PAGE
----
‘Face the Nation’ readies for debut from new studio

CBS’s Sunday public affairs program “Face the Nation” will debut from the set the network built for “CBS Evening News” in its Washington, D.C. bureau on Dec. 8, 2019.

In two photos posted to the show’s social media, staffers are shown on the set for rehearsals and other prep work.

In the images, the edge lit glass and header elements are colored in red, white and blue, while the video walls are used to showcase backgrounds that are a blend of virtual set extensions and D.C. imagery.

For example, the video wall graphics include “walls” that mirror the real set and sport the CBS eye and show logos on the virtual walls and headers.

These virtual walls also showcase imagery of Washington landmarks as well as providing wider views of them. Simulated frosted panels adorned with logos will also be included behind host Margaret Brennan and the in-studio guests.

The show will use same anchor desk as Norah O’Donnell does for “Evening,” which uses the LED floor tiles to showcase an oversized CBS eye logo and the show’s logo.


The desk was designed to seat up to four guests and a moderator or anchor.

The set was originally designed to use one of the video walls along one of the shorter sides of the studio, but CBS changed things up during early rehearsals, according to a NewscastStudio source. 

“Face the Nation” is moving onto its second new set in under two years. 

When CBS moved its Washington bureau in 2018, the show moved along with it from a brand new set that debuted that May.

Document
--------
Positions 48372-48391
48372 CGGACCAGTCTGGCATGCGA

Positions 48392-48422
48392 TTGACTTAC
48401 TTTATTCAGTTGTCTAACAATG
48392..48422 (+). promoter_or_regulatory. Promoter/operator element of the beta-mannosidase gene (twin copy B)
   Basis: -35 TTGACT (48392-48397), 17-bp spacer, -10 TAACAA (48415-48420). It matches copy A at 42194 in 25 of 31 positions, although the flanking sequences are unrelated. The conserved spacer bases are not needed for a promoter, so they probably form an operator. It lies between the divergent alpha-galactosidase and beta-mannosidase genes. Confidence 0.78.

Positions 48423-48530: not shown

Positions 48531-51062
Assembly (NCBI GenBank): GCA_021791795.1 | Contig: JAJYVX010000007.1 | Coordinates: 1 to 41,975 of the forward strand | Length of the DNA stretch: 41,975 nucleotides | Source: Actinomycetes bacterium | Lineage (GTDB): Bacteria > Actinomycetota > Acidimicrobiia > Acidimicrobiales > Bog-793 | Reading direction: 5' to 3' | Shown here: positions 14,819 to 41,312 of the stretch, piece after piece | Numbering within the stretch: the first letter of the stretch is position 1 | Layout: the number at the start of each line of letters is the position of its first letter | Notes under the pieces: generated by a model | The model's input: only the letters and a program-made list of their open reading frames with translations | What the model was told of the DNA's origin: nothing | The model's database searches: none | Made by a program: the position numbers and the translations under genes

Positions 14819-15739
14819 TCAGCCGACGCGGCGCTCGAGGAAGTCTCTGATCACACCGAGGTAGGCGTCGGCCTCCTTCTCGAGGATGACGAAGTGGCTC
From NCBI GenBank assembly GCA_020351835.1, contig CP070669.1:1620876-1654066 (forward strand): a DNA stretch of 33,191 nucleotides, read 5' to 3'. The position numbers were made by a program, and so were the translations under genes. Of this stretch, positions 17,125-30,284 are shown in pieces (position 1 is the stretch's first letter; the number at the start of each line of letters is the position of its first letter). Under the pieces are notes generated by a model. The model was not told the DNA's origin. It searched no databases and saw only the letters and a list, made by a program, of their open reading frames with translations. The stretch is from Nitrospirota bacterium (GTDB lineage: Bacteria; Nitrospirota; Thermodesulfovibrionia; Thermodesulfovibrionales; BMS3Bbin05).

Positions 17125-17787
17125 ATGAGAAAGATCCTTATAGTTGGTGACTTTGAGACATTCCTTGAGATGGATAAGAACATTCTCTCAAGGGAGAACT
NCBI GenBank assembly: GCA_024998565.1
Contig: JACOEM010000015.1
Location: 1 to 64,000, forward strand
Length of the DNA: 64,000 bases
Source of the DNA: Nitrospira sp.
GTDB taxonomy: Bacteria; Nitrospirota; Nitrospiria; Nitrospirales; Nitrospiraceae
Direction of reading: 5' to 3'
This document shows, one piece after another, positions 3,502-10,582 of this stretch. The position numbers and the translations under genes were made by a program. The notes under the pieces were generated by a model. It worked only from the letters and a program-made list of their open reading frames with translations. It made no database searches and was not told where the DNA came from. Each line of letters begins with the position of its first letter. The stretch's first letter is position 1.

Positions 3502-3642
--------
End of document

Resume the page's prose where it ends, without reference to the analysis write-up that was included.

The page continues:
Similar to the new studio, this set included multiple video walls as backgrounds and a ceiling element inspired by the visitor center in the U.S. Capitol.

In September of this year, “Face the Nation” moved out of the studio so construction could begin on the new set.

During the interim, shows originated from a broadcast booth set up on the roof of a local law firm with a real view of the Capitol.

“CBS Evening News” also used the temporary studio for broadcasts originating from Washington, including coverage of the impeachment hearings. 

Because of the roundtable shooting style, the studio included strategically placed alcoves for cameras to capture various views of in studio guests seated around the table.

The design of the new studio features similar spaces — which is a common approach to designing roundtable style shows.

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